All the goodies in this Little Red Riding Hood basket are stale, even though they came from the hallowed halls of the Weinstein Company, the post-Disney incarnation of Miramax. Its first foray into animated fare supposedly aimed to appeal to older kids as well as their parents is a badly drawn and disappointingly uninspired rehashing of what's become the standard cliché in children's movies: the fairy tale with a twist. It seems everybody in Hollywood is looking for the next Shrek, so much so that reworking classic tales has become as played out as having someone say "fo shizzle." Regrettably, this movie does both.
Hoodwinked follows the little red-hooded one's fated trip to see her Snoop-Dogg-quoting Granny, only it tells the tale as if it were a crime story, à la Mother Goose meets CSI. Seems a thief has been stealing recipes from local bakers and the culprit is likely the big wolf himself. Granny's cottage in the woods quickly becomes a crime scene with cop cars, flashing lights and caution tape. The story is told and retold from the vantage points of the four suspects: the sassy-pants little Red (Anne Hathaway), her extreme-sports loving Granny (Glenn Close), the stalking wolf (Patrick Warburton) and an ax-wielding woodsman-aspiring actor (James Belushi).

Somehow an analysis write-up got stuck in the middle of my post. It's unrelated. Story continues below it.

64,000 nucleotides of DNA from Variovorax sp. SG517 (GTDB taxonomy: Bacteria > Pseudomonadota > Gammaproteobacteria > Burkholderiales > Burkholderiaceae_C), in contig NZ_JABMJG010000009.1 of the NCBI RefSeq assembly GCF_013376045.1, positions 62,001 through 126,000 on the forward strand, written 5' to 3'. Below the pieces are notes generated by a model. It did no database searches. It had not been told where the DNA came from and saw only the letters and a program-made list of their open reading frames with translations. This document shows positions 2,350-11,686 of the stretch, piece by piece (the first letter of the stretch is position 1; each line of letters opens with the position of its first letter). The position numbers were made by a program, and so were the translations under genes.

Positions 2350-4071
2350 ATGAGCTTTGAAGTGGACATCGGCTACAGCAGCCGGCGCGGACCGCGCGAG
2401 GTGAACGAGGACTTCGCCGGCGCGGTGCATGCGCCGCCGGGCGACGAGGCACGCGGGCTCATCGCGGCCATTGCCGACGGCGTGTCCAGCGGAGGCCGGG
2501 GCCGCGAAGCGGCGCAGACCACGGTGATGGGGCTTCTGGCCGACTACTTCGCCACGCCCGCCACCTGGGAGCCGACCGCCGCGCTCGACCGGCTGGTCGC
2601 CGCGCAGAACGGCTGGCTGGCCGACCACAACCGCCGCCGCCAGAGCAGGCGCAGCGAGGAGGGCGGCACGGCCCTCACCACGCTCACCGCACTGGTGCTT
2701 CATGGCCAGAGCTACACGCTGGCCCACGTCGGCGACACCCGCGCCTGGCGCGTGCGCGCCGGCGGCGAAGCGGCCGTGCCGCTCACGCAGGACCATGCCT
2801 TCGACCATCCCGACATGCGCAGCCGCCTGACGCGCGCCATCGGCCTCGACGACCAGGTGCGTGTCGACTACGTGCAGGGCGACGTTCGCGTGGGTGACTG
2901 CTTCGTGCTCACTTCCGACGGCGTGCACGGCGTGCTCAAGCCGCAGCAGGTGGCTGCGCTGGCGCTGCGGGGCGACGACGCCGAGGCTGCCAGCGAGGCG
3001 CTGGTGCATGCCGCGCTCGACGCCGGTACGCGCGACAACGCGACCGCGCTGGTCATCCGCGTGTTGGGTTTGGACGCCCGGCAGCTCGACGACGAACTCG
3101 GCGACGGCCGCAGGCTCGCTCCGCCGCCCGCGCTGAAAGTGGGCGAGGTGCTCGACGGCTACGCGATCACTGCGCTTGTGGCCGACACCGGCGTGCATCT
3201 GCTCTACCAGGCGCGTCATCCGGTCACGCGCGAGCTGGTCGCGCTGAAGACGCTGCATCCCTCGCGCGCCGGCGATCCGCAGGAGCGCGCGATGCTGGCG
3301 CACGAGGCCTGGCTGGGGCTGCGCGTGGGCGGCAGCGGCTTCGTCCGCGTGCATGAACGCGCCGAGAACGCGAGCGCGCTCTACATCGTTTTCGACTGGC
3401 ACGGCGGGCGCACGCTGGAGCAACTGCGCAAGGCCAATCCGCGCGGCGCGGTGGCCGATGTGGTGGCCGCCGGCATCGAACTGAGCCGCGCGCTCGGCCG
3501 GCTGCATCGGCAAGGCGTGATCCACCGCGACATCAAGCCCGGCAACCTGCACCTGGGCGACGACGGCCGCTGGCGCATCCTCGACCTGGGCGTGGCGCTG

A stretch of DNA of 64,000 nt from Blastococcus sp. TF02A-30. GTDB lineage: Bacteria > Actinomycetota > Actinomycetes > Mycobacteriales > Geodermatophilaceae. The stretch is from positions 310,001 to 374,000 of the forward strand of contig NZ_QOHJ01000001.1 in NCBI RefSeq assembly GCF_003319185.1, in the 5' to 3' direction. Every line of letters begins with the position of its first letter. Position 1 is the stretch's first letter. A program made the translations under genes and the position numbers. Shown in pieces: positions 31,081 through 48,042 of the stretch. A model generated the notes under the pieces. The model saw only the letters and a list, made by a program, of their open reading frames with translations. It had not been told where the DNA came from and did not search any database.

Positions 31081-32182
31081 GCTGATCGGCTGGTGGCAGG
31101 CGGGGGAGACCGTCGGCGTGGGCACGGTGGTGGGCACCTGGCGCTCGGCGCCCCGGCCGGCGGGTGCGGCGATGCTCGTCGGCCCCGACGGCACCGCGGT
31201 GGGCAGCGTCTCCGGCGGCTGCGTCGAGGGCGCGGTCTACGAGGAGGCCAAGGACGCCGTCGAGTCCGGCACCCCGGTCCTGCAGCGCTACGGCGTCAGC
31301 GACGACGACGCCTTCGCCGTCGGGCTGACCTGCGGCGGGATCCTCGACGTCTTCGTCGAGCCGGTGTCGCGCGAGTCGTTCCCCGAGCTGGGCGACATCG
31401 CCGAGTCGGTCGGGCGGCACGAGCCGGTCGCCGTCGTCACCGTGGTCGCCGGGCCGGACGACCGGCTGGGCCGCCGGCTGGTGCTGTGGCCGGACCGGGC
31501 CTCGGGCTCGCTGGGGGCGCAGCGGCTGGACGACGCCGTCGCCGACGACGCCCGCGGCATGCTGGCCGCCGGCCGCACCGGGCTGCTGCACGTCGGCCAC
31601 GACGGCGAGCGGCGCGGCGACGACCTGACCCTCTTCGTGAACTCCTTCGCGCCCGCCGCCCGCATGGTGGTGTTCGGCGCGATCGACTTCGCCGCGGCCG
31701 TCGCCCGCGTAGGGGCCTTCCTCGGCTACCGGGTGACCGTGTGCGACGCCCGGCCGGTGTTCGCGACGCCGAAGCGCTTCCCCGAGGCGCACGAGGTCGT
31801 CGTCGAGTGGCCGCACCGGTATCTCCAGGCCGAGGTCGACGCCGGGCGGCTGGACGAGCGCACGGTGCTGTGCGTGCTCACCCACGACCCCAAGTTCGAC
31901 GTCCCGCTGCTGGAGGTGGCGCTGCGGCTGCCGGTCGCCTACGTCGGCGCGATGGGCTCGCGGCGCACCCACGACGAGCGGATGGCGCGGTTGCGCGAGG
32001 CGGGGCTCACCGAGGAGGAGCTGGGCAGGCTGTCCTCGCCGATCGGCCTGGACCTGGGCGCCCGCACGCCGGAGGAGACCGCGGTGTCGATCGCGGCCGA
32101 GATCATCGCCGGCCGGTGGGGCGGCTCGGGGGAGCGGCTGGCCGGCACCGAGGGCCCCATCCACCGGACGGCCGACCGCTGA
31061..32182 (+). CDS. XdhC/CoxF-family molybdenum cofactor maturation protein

Hoodwinked just never delivers on the cool factor; instead, it brings the type of awkwardly faux hipness found in commercials for super-charged, sugar-coated breakfast cereals.
The animation fails to wow, and the characters and scenery look like a small computer-generated step above an old Gumby short. And frankly, that little green slab of clay was more fun to watch.
The jokes all have a snarky tone, but like Granny's alleged snowboarding prowess, the sarcasm on Hathaway just doesn't work. Warburton, whose range generally goes from acting dumb to aloof, goes with aloofness here, trying to play up the ruse that this isn't a little kid's movie. But it is. Unlike, say, The Simpsons, which appeals to young adults as much as to those with 401k plans, Hoodwinked isn't wryly observant or edgy. The most entertaining bit in the movie is Twitchy, a hyperactive squirrel who can't hold his caffeine. Purely kids' stuff.
Clare Pfeiffer Ramsey writes about film for Metro Times. Send comments to firstname.lastname@example.org.
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